FIG. 2 is a perspective view of the fiber optic connector of the present invention fully mated on a printed circuit board;
FIG. 3 is an exploded perspective view of the housing comprising a part of the fiber optic connector assembly of the present invention; and
FIG. 4 is a sectional view taken generally along the line 4--4 of FIG. 2.
Turning now to the drawings, the fiber optic connector assembly of the present invention, generally designated 10, is shown and is designed to be mounted on a printed circuit board 12. The connector assembly 10 generally includes a housing, generally designated 14, which is adapted to receive two optoelectronic devices 16 which detect light and produce an electrical signal in response thereto. The housing 14 is adapted to mate with plug, generally designated 18, which receives and mounts two light transmitting optic fibers 20 which transmit light from another source (not shown).
The housing 14 has a top wall 22 and a parallel spaced apart floor 24. The top 22 and floor 24 are joined by two other sidewalls 26 and a intermediate wall 28 parallel thereto. The leading edges of the top 22, floor 24, sidewalls 26 and intermediate wall 28 defined two openings 30 through which portions of the plug 18 may be received.
The openings 30 have an irregular polarizing surface 32 in the upper corner thereof. Depending from the floor 24 of the housing 14 is a strain relief peg 34. Two mounting legs 36 are formed on the outer sidewalls 26 for mounting the housing 14 to the printed circuit board 12. The outer sidewalls 28 also each has a latching boss 38 formed thereon for purposes which become more apparent hereinafter. The top wall 22 has a pair of aperatures 40 formed therein, one over each opening 30.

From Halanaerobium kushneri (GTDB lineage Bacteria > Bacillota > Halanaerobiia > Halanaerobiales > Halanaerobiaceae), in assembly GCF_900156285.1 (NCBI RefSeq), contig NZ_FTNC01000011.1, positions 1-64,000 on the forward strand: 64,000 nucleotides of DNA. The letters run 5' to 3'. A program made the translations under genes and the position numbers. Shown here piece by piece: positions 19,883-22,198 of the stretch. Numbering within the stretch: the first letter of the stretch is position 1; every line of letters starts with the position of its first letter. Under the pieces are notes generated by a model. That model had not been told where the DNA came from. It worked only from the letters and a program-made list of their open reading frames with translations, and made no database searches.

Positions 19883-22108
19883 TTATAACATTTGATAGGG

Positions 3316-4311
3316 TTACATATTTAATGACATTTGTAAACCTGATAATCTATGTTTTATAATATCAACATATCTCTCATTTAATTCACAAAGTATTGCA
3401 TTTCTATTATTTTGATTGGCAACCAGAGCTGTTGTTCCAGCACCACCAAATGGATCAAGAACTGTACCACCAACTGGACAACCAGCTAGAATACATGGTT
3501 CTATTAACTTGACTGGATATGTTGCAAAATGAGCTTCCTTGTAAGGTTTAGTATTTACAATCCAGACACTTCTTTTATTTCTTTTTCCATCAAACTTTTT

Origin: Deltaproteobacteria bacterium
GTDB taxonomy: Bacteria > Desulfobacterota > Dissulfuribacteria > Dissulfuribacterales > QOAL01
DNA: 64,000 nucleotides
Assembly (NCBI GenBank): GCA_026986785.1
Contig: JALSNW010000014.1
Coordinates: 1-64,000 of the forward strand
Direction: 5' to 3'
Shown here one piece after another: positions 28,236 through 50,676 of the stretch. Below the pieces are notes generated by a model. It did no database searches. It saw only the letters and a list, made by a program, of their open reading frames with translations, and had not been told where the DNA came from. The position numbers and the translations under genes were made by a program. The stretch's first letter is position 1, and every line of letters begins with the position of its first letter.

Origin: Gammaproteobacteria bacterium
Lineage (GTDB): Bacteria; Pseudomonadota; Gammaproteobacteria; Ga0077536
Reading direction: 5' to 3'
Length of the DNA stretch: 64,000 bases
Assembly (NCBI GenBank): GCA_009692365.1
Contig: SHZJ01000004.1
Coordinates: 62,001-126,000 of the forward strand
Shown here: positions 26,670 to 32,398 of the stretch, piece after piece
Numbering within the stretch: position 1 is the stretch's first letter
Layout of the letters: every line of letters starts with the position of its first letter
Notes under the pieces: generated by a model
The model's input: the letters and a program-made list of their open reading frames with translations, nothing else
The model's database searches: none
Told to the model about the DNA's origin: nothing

Looking at FIG. 4, each optoelectronic device 16 has a lens 42 (only one shown), one corresponding to each opening 30. Depending from each optoelectronic device 16 is a plurality of solder leads 44 which are adapted to be received through the housing floor 24 for electrical connection to the printed circuit board 12.
Looking at FIG. 3, a generally flat member, generally designated 46, is made of resilient material such as thin metal and is adapted to be mounted at the bottom of the housing 14 between the floor 24 and the printed circuit board 12. It is intended that the member 46 is to be bent in an L-shape as is illustrated in phantom in FIG. 3 and in section in FIG. 4.
The first leg portion 48 or horizontal portion of member 46 is seen to include a plurality of small holes 50 through which the optoelectronic device solder leads 44 are received. The first leg portion 48 also includes a pair of side notches 52 through which the mounting legs 36 are received and a centrally located hole 54 through which the polarizing peg 34 is received.
The second leg portion of member 46 defines two doors 56 of the same configuration, each having a tab 58 extending from the end thereof. The doors 56 are adapted to cover the openings 30.